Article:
lands broke two ribs in a fall from awagon in front of his home lastWednesday. Mr, Carhart was gettingout of the wagon when the horsestarted, throwing htm to the ground,Mr. Carhart was carried into thehouse, where Dr. B. E. Failing at-tended his injuries.™.


Our 50c Papers now cut to , 28e

Our 40c Papers now cut to 15e

Our 20c Papers now cut to 10c

Our 10c Papers now cut t o . , , , , , , . , . . , 2c

9x12 Seamless Wool Brussels at .$8,7$9xi 2 Heavy Axntinsters at. ,7#i.009x12 Seamless Wiltons a t . . . . . . . . . $20.009x12 Wool Fibre Rugs a t . , , .$4.98

BUNGALOW GRASS RUGS,These Rugs are.heavier and smoother than

most Rugs of this kind. The warp is strongerand the colors are water-proof. 12 very al-tractive colors and patterns to choose from, atprices never put in print before by any house,$8,50 Rugs, 9x12 ft., now '., .$S,SO$7.50 Rugs, 8x10 ft.» now .$4,80$4.75 Rugs, 6x 9 ft., now $3,00$1.40 Rugs, 3x 6 ft,, now 7*c4oc Rugs, 18 in, x 36 in., now,',


as illustrated; finish warranted to stay whiteand glossy, any size, now,, , , .$9,71

Regular price $14,50,


TO FORD OWNERS.I have opened a garage and repair shop for

Ford cars exclusively at the foot of Wharf ave-nue, near Steamboat Dock, Red Bank,

Formerly employed by W, 1. Mount, FordAgent for Monmouth and Middlesex counties/


y Blk#r.Arthar Covert, aged seven years,

son of flames Covert of Tinton Falli,was run down on the school groundsat that place last Thnr«day hy a bi-cycle ridden by Howard Jackson,'Arthur's leg was broken and he isunder treatment at tile Long Branchhospital.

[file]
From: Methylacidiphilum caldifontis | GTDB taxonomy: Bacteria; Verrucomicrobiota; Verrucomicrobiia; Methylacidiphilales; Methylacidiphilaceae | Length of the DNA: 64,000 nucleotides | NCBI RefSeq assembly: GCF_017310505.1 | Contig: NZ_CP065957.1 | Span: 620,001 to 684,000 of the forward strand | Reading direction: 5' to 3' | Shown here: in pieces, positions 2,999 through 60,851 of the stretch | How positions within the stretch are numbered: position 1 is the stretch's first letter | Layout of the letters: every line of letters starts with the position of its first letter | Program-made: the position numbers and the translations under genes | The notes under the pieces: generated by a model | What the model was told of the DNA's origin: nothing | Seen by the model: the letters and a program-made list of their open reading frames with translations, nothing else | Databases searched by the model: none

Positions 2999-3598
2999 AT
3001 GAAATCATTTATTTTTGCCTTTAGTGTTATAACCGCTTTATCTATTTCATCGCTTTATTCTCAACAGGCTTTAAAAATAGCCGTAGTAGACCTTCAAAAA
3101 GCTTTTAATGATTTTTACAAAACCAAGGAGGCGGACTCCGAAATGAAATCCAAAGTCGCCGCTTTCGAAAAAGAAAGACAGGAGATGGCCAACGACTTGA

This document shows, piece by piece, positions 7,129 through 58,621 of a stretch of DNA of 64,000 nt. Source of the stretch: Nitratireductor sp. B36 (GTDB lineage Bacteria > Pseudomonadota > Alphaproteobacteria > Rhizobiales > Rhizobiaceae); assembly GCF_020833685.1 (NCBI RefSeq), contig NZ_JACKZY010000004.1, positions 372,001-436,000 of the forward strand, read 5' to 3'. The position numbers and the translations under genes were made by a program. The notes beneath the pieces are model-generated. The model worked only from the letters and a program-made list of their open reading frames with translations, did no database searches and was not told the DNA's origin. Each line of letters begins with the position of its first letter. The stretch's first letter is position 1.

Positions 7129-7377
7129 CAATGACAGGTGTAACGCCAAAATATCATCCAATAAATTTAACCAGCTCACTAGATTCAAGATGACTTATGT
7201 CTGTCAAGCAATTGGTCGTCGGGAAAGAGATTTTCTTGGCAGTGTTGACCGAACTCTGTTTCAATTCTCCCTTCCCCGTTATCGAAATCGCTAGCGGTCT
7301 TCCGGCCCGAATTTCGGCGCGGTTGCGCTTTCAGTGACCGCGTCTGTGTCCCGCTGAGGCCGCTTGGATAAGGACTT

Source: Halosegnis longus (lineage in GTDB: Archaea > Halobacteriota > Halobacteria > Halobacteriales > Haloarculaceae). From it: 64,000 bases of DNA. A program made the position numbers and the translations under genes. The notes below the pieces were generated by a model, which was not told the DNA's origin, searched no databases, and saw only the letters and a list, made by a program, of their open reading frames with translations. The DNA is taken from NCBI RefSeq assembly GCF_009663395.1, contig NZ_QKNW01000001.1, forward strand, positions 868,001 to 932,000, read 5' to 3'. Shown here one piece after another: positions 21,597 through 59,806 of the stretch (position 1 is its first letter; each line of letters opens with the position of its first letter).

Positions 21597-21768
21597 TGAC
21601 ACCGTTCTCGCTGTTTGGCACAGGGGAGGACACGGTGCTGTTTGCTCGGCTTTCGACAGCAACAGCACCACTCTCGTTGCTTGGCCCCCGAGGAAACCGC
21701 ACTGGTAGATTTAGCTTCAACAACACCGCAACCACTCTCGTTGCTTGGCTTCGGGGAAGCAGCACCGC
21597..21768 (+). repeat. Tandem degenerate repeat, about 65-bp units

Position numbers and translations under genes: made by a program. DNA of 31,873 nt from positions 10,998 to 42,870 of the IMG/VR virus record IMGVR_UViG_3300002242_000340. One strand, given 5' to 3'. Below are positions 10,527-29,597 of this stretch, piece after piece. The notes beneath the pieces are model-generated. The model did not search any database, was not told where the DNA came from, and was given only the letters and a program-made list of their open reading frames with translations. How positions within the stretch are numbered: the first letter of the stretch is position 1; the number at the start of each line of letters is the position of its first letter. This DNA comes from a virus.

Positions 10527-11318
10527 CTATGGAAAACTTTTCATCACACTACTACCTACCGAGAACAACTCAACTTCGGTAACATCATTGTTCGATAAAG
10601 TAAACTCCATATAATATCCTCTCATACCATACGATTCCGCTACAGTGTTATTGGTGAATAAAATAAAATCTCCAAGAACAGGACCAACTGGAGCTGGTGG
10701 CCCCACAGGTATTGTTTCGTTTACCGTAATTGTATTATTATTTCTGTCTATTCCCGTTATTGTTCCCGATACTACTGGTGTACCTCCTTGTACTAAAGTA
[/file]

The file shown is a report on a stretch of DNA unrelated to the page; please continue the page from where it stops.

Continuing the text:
Fumuhed Cottage* by the Season,

ONE A COMPLETE ftOME FOR $1 ,000 .Money'to Loui. Insunnce in Reliable Companies.

WHITE,Monmouth Street at Onpad, JRcd B«nlc« NT* J

•OtlOi,Notte« la hereby IIVIB that •»

cation has bean made to the couivjoll ]l oil

il]at has b n m e o the ouncl oil

the borough.-ot Red Bank, dated April]itth, lSlSTand algneii by G. A, Del*tuah.H, 4 DeMinring, EU» Culllngton, MMWilliam CulHngton, WiHiawO. BrowAlexander Lewis. William GniUMrtoWJUl»m C, Woloott, Howard FnViM,Hlgglneon, QBOTKQ H, Holmeti R M.-Vadervser, Albwt B, icott, W, L. MarrtHoA, C, Harrison, Minor Brown, mmBrown, Mri. jf, c. Sickle*, fastAi.,.Ohamberlaln, Ktbel M, Whiie, Harrtr iLaFettBL, D«borah Combs and John, ,Allen, rreeholders residing in the bor-ough of Red Bank, reauMUns that pro-]vision be made,by ordinance to lmpjo*o |floutli street by the placing or construct-ing of curbing in and along said Mtmet.

And further taK« notice that in ac-cordance with itaid application an or-dinance was lntro<l\icoil on t)ie 19th day-of April, 1916, by mud council providingfor the making of hnid lmprovomentH inthe manner tibove tnentiooed nppltea.ior."

And further tuko notlco that the coun-cil of sold borough will meet to rocdlVennfl iDnnlder objections retatlng to themaking of »al(l Improvements at thecouncil chamber in the borough huD, onthe third day of May. 1916, at 8:00.o'clurk p. m, ami If at the time unAplace aforesaid the owners of ono halfihtt properties fronting on said etr«ct tobe improved an above flesltnieii, do notobject in Writing to the making of aaidImprovomontB, sal<| council may p r lto piiftfl said ordinance directing -Impittvements to bo made,